Isreal Hicks Jr. had trouble learning when he first went to school. He remembers that, for the first six months, he tried to hide in plain sight in the classroom. He was hoping the teacher would not call his name.
When Hicks saw that his son Isreal III was having some of the same challenges when he was about to enter kindergarten, he knew that he had to do his best to make his son’s school experience different from—and better than—his own.
He enlisted help. He found out from a teacher about the Dolch word list. In 1948, Edward Dolch prepared a list of 220 words in a publication called Problems in Reading. Dolch maintained that students should learn those words before entering Grade 1.
Hicks added 80 words to the list and worked with his son all summer, reading and showing him the words over and over. By the time September rolled around, Isreal III knew them all.
“After the first day of school, he came home and said ‘Guess what Dad. I don’t need to go to school. I know all that stuff,’” Hicks remembers fondly.
That experience awakened a desire to try to help other young children enjoy exploring the alphabet and reading. Hicks, who grew up in Birmingham, Alabama, and spent 15 years in the U.S. Navy after finishing school, started to create cartoon characters with unique names, representing each letter of the alphabet. They begin with A-Guy, B-Box and C-Corp. He also began to write books, all the while working and running a small business.
He created the Alphabet Heroes and came up with initial drawings. He then enlisted the help of various artists from the Art Institute of Seattle, beginning with Daniel Weaver. They have helped refine those drawings and the characters. Hicks has continued to develop the characters and explore various ways that he can get the Heroes into the hands of teachers, parents and children.
He formed a company called EnterPlay Media, and created Alphabet Heroes posters. At his own expense, he printed 5,000 of them. He was able to set up a working relationship with a Costco store in Marysville, Washington. Non-profit educational groups sold his posters at the store for donations to various school groups, including the Lakewood School District.
The project’s potential was growing, but it did not go as far as he had hoped at the time. There were two reasons – love and location. Hicks met and married a Canadian teacher, Adelaine Hicks, a longtime educator in the Richmond school district. He moved to Canada about four years ago. They now live in Cloverdale.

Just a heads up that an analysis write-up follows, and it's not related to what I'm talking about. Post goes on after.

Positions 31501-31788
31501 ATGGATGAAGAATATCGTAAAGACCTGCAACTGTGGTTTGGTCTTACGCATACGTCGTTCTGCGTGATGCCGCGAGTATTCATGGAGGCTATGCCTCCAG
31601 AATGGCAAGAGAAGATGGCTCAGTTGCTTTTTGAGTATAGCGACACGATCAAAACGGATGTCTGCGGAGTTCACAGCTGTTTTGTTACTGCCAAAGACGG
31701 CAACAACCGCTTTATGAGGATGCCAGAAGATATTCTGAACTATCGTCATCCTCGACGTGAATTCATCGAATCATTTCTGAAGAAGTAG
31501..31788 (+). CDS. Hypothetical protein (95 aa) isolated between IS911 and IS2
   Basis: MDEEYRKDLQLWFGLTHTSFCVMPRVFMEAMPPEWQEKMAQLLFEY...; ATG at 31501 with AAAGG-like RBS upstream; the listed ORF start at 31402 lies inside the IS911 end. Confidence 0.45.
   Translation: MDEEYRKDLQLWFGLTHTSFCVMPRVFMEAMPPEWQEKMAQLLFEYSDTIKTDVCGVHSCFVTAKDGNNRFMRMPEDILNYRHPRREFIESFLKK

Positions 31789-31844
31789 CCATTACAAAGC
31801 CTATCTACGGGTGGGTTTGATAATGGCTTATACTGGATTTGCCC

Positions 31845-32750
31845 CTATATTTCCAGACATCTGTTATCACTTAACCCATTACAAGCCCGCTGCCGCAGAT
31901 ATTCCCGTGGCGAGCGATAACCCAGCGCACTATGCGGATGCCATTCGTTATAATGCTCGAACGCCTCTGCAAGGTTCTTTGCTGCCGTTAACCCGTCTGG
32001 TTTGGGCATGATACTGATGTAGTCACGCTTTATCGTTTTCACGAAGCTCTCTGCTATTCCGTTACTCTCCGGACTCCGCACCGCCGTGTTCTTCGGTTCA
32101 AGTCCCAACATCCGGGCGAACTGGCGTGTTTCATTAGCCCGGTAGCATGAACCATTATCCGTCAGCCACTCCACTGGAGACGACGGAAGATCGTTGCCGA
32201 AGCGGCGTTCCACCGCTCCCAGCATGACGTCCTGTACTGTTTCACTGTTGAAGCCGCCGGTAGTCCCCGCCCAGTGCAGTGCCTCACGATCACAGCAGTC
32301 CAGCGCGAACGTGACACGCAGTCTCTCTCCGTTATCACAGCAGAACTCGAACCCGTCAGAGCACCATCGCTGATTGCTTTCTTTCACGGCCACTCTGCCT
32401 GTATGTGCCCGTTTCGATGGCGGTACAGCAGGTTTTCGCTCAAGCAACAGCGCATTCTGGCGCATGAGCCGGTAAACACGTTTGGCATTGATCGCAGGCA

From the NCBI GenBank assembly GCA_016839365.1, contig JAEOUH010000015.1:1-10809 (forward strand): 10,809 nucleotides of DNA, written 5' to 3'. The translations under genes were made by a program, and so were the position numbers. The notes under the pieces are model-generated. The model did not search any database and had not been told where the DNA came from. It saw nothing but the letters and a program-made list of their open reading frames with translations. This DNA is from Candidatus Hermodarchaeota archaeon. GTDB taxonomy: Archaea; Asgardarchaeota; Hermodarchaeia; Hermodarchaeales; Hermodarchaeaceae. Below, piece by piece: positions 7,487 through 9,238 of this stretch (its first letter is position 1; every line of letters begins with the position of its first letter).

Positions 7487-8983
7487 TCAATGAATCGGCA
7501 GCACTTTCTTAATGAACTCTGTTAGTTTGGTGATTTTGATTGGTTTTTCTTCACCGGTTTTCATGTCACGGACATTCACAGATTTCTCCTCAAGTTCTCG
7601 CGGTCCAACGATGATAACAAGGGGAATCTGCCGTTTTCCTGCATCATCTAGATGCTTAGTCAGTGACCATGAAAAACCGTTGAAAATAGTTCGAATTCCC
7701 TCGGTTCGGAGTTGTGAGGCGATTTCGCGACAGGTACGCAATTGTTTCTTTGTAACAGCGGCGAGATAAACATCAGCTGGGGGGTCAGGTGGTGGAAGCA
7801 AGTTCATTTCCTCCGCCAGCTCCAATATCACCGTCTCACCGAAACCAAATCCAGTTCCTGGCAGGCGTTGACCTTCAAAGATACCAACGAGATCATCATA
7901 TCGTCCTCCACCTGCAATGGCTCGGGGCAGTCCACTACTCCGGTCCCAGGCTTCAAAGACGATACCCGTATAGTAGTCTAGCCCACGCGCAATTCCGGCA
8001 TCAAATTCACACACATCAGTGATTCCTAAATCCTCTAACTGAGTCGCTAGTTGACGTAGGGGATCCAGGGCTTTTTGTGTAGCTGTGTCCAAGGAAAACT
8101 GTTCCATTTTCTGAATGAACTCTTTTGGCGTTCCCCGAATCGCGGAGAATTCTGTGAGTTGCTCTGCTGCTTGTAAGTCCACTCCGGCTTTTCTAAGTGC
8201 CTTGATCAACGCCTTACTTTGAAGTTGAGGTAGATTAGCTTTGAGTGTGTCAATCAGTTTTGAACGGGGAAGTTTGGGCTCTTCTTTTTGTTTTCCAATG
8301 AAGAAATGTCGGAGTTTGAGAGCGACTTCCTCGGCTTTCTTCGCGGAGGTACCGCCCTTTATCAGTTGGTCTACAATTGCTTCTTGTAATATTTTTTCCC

Moving to a new country and getting settled slowed down the Alphabet Heroes’ progress, but it did not stop Hicks from wanting to develop the concept further. He has continued to work with artists from the Art Institute to make the Alphabet Heroes more visually appealing, and he is exploring ways to get the concept out to young students.
“I’m on the fourth generation of characters,” he said.
The Reporter visited him at his home studio on Nov. 9, while he was busy working on the characters and with an artist via email.
He wants to work with the Surrey school district and B.C. ministry of education to make his Alphabet Heroes concept available in local schools. He believes it allows young children to have “a personal relationship with letters of the alphabet,” by making them come alive through a series of characters. This in turn encourages them to learn to read.
Hicks has also wrote, illustrated and published a book called Railroad Joe: The Sight Word Train which has achieved success. He has just finished another book, Harry Rat and the Zoonami Kingdom, which is ready for publication. Both have plenty of appealing characters which children love to learn more about.
Hicks is more interested in spreading the idea and helping children to learn to read than in profiting from his creations. He envisions working with the ministry and the district and having proceeds from the sale of books and posters go directly to them. He also suggests that corporations could get involved in distributing Alphabet Heroes items to customers, employees and investors.
He believes that there is enough potential from Alphabet Heroes to raise money and help pay for significant educational costs, and thus improve resources available in schools.
“Alphabet Heroes could be a commodity tool that helps fund education,” he said. “If you can help a child succeed, you get paid. My satisfaction is to see a child succeed.”
He describes the development and evolution of Alphabet Heroes “as the most fun I ever had in my life.”
For more about the Alphabet Heroes concept, see www.thealphabetheroes.com.